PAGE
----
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Sketching Erin’s Custom Wedding Dress

Brooks Ann Camper Bridal Couture

After our design consultation, I continued to brainstorm ideas for Erin’s custom wedding dress. In order to see what design elements would look like on Erin, I started to sketch out ideas onto her unique silhouette.

When a bride goes into a wedding dress store, she can try on dresses to see how they look on her. When you commission something to be custom-made, there is no stock to be altered. The dress you will wear has never been created before and will never be created again. It will truly be one-of-a-kind.

So how can you tell what will look good on you?

Instead of using an exaggerated figure or a sample silhouette, I use the actual silhouette of the specific woman’s body when I draw my sketch. It is a fun way to “try on” things that don’t exist yet! Bonus: it is super easy.

 

During our design consultation, I asked Erin to pose for her sketch. I took my favorite shot from the front and from the back and printed them out onto regular paper.

On the back of the paper, I scribbled all over the areas where Erin was printed with my pencil.

Custom sketching for Erin's unique wedding dress

I then taped the printed photo, scribble side down, onto some watercolor paper and traced around Erin’s silhouette with my pencil.

Brooks Ann Camper Bridal Couture

When I was done, I removed the printed photo to reveal a very faint outline of Erin.

Brooks Ann Camper Bridal Couture

I was finally ready to sketch out my ideas using Erin as my model!

To do this, I darkened lines as I made decisions, and erased ideas that didn’t quite work.

Custom sketching for Erin's unique wedding dress

Looking at our inspiration images, I was able to come up with a sketch that celebrated Erin’s unique style and her unique figure.

Custom sketching for Erin's unique wedding dress

Custom sketching for Erin's unique wedding dress

 

Here’s what I came up with!

Brooks Ann Camper Bridal Couture
Erin’s custom wedding dress sketch © Brooks Ann Camper Bridal Couture

A textured lightweight cotton seersucker dress with flowing skirt, criss-cross details, and appliqué accents. The wide belt and small shoulder details feature Alabama Chanin inspired embroidery in beachy colors. The belt is fastened in the back with a row of bridal buttons. The top of the dress features a V-neckline in both the front and the back. The front drapes toward the belt and the back features a peek of skin below the center bridal button fasteners. The skirt of the dress features a flattering criss-cross of lightweight fabric at the front that drapes over the top of the hips meeting at center back. The skirt is full enough for some beautiful flowing movement with extra fullness added at the center back.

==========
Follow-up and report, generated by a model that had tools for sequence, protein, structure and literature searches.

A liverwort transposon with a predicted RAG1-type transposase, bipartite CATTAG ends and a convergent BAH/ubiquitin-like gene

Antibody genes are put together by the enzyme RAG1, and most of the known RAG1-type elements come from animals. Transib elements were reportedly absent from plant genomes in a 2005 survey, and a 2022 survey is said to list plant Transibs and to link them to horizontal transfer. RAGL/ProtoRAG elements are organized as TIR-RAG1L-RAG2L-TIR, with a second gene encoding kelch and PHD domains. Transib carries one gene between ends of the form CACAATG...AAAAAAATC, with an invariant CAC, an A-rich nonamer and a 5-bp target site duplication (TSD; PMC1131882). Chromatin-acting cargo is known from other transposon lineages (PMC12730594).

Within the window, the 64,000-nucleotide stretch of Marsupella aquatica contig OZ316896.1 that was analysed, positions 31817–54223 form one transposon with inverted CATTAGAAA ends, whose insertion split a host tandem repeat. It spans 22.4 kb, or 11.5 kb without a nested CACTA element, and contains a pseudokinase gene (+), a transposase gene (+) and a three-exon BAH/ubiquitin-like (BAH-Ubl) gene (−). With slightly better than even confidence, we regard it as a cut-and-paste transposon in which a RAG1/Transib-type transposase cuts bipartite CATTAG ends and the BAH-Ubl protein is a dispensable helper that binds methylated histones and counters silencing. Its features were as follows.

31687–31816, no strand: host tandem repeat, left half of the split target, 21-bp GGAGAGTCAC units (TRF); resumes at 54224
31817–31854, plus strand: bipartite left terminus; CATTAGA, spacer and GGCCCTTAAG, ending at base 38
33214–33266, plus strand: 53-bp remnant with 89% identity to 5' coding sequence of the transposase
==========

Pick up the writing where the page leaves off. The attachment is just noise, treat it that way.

Once I was happy with the design, I created a Design Proposal Website, complete with the sketch and our inspiration images. I sent a link to Erin along with a price estimate for her to consider.

I couldn’t wait to hear back! I was totally in love with this design for her and I hoped she’d fall in love with it too!

 

NEXT POST: (Spoiler alert! Erin loves the design!) I create a Size-Erin dressform in order to start creating patterns for her unique seersucker wedding dress!

 

Interested in learning more about this sketching technique? My Intro to Custom Sewing eCourse begins with designing and sketching for your body. Then you’ll learn how to draft your own custom-fit patterns and complete a custom skirt of your own design! Check out www.SkirtSkills.com to learn more and join the Skirt Skills mailing list to stay informed about future sessions.

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2 Responses

  1. Well done! That is an excellent technique to capture a person’s shape without needing to be perfect at sizing by hand and eye. I love this! So very similar to other transfer techniques I’ve used in my own art. I hadn’t thought about this approach for sketching. I’d like to try this and compare to the square sketches I do of my garments. I think this is also a great approach to learn about proportions. I also really like that by seeing her pose and sketching her shape from a photograph, that you’re able to capture the smoother, flatter look of her back hips and behind. While some might not think that’s nice to say, it’s incredibly important to capture the true shape of your client or yourself so that final garment flatters the actual body. That’s so, so, so important. Letting go of what society says what we “should” look like and embracing what we do look like and enhancing those assets. I love how you added in details around her hips in the back too. Really, lovely design. So excited for the next post!

    1. Thanks Gwen! When you are designing custom clothing for individuals, starting with standard sizes or stylized croquis isn’t very helpful. She’s the inspiration! Capturing her unique style and creating something that looks good on her is the only thing that matters. Bonus: It is really fun and totally satisfying for both of us!

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Hi there! I'm Brooks Ann.

I’m an independent designer and couture dressmaker for one-of-a-kind bridalwear located in Hillsborough, North Carolina. I also teach the sew-curious both in-person and online.

My blog follows along with the couture process of how each heirloom-quality custom wedding dress is made from idea to wedding day, as well as other interesting tidbits related to sewing, weddings, and body positivity.

Stay in Touch!

Sign Up for my FREE Newsletter!

You’ll get blog posts right in your inbox, plus extra goodies in your roughly twice a month. Plus, “Peek Inside My Sewing Library” in the first email!

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